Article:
Yen tumbles on renewed rate cut talk

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[April 22, 2016]  By Marc Jones

LONDON (Reuters) - Speculation that the Bank of Japan could effectively start paying banks to borrow its cash caused the yen to tumble on Friday and gave government bonds a lift after a second bruising week in a row.

Disappointing earnings reports from some of the world's biggest tech companies and fresh emission-test troubles for Europe's auto makers meant a low-key day at the end of a positive week for the world's main stock markets.

Wall Street, which is back near record highs, was set to reopen virtually flat. Traders were looking over General Electric and Honeywell earnings and waiting on manufacturing data, after lackluster numbers from Google's parent wiped $32 billion off its value on Thursday.

Euro zone business data earlier had showed an unexpected slowdown in April. Meanwhile, the bloc's finance chiefs met in Amsterdam to discuss whether Greece was making the necessary progress. The head of the International Monetary Fund said it wasn't.

The big market move come from Japan though. A Bloomberg report that the central bank might go further with negative interest rates caused the yen to fall more than 1 percent, to 110.34 yen per dollar and 124.93 to the euro.


The Bank of Japan, which meets next week, has two lending facilities. One offers banks zero-interest funding for loans to companies in high-growth industries and one provides zero-interest long-term funds to banks that increase lending more generally.

The BOJ would consider applying negative rates on both facilities, Bloomberg reported - paying commercial banks to accept funding.

"That puts a different light on the BOJ meeting and suggests they might be more creative than the markets had given them credit for," said Rabobank FX strategist Jane Foley. "Clearly we have seen the yen suffer on the back of that."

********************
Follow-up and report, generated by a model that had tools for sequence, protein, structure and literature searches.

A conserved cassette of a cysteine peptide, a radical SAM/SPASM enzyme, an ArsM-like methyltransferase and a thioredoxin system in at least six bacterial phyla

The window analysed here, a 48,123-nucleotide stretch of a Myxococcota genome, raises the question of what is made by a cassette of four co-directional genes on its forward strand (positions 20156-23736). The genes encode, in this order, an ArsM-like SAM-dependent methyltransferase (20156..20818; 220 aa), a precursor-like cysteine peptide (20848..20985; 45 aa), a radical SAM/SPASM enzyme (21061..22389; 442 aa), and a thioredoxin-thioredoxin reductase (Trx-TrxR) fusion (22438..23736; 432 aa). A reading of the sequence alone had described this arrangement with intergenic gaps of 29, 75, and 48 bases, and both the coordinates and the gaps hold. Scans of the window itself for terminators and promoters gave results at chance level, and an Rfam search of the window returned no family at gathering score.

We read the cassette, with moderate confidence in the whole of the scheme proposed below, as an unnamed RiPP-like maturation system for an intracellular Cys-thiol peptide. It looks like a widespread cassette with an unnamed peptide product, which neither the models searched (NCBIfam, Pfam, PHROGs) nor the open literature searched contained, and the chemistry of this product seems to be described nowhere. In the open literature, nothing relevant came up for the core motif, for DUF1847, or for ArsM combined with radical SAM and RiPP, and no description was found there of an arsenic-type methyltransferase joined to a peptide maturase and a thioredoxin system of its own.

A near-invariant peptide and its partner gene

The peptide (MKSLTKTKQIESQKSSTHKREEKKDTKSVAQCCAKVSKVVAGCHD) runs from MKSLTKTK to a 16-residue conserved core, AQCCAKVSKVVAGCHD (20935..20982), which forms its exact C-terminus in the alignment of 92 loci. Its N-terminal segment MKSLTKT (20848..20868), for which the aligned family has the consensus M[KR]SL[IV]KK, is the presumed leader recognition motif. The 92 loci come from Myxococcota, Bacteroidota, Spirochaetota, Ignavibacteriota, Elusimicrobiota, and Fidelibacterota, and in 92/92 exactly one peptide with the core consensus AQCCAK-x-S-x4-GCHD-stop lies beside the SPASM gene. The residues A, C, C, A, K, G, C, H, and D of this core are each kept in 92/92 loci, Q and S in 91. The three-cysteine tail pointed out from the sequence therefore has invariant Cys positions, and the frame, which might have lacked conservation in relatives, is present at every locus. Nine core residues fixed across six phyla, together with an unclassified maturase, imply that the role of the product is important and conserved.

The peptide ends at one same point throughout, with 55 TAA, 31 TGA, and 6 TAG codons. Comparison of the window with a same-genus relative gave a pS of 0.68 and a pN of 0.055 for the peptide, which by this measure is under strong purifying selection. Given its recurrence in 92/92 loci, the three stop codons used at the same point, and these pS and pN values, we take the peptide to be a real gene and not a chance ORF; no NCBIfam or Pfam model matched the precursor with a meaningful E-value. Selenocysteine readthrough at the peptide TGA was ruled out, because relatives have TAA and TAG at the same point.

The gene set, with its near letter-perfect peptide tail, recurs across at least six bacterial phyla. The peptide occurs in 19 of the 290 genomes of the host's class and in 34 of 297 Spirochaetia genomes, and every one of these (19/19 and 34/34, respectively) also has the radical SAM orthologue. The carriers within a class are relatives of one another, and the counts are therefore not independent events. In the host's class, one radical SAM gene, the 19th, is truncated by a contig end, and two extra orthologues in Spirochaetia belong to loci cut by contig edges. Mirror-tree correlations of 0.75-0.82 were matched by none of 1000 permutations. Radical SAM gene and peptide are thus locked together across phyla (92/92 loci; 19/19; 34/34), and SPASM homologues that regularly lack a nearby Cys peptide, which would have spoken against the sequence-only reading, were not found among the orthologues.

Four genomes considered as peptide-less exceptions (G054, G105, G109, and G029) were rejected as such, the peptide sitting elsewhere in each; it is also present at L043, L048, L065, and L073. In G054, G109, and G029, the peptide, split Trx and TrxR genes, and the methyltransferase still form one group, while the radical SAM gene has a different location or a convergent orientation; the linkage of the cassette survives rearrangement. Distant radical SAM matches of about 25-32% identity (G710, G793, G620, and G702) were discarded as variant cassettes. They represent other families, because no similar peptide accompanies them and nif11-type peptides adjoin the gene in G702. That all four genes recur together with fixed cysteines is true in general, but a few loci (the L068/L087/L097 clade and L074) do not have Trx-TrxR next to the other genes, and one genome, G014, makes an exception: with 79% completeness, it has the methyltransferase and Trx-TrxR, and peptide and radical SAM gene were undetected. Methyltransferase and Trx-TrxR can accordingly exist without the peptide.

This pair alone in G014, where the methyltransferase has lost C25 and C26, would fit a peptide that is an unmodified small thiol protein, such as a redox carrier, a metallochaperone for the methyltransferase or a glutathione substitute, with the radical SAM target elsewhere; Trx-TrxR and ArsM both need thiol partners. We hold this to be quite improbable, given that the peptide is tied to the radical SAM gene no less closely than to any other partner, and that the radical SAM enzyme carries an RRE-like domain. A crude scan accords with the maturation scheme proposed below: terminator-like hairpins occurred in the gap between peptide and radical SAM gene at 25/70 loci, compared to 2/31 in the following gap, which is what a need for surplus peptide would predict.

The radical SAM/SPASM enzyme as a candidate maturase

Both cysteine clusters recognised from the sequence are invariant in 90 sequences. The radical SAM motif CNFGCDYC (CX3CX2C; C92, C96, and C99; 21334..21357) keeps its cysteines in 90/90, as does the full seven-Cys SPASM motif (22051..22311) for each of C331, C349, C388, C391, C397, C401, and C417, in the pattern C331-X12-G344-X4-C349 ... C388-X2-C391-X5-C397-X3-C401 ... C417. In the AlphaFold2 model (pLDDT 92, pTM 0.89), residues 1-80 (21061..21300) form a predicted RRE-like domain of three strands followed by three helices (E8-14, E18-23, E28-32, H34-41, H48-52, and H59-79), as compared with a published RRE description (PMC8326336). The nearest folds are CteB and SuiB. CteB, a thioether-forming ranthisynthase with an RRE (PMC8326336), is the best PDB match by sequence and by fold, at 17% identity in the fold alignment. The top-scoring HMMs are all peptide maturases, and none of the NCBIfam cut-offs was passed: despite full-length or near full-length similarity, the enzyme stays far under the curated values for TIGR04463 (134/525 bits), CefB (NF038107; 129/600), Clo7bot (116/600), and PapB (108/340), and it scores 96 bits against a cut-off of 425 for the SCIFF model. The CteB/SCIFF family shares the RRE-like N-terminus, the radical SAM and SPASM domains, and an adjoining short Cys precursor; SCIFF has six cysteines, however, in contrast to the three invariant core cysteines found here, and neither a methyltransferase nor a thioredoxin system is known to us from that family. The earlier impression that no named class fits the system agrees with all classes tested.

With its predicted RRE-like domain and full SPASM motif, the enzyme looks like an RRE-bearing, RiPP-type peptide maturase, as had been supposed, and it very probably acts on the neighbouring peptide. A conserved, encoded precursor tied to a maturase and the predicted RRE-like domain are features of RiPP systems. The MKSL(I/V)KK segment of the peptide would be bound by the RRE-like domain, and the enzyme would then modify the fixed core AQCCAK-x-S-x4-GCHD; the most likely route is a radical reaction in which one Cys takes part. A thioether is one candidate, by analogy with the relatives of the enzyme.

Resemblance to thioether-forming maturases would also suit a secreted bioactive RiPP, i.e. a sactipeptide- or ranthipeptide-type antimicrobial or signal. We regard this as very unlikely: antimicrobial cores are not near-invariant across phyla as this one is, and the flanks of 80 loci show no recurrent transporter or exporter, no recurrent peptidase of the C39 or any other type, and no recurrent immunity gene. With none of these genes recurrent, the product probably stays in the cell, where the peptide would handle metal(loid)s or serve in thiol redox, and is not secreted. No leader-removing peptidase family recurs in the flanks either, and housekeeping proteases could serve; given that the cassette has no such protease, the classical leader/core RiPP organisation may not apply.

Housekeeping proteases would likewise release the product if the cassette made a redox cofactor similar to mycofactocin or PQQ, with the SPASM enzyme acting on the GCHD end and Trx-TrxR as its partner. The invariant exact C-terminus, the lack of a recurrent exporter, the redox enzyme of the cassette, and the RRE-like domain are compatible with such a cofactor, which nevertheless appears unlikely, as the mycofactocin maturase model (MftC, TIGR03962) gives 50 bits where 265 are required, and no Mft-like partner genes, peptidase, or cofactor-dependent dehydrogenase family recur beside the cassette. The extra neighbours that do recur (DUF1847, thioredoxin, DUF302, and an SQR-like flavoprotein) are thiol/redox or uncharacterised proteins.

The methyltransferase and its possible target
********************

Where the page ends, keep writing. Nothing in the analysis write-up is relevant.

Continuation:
The Federal Reserve also meets next week. Healthy markets and reassuring data over the past month have left many investors wondering whether they might have been too quick in pricing out an increase in U.S. rates this year.

Manufacturing purchasing manager data in the U.S. due at 1345 GMT will provide the latest fodder for that debate after a rebound in ISM figures this week.

German Bund and U.S. Treasury yields were on course for weekly gains, although they slipped on Friday in reaction to the BOJ talk.

The bond market has also been tracking oil prices because of their impact on inflation, and crude is up by more than two-thirds from its $27 a barrel low in January.

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European shares were down 0.3 percent ahead of the U.S. open.

Car stocks fell as Daimler said it was investigating its U.S. emissions and PSA Peugeot Citroen said it had been raided by French anti-fraud investigators over its emissions.

In Asia, the BOJ speculation helped Tokyo's Nikkei end the day up 1.2 percent at an 11 1/2-week high.

MSCI's broadest index of Asia-Pacific shares outside Japan dropped 0.8 percent, mostly as traders cashed in on the 5 1/2-month high reached on Thursday.

Commodity markets were also taking a breather from their recent hot streak.

Brent crude futures  hovered at just under $45 a barrel after gains of just over 4 percent this week. U.S. crude rose 1 percent to $43.58, up 8 percent on the week.

Among commodity currencies, the Australian dollar advanced 0.2 percent to $0.7754, off its 10-month high of $0.7836 touched the previous day.

Gold slipped and silver pared gains as the dollar strengthened, but both were still headed for weekly gains. Silver rose to an 11 1/2-month high earlier this week, while industrial metal copper was set for a 4 percent weekly gain.

(Additional reporting by Marius Zaharia, editing by Larry King)

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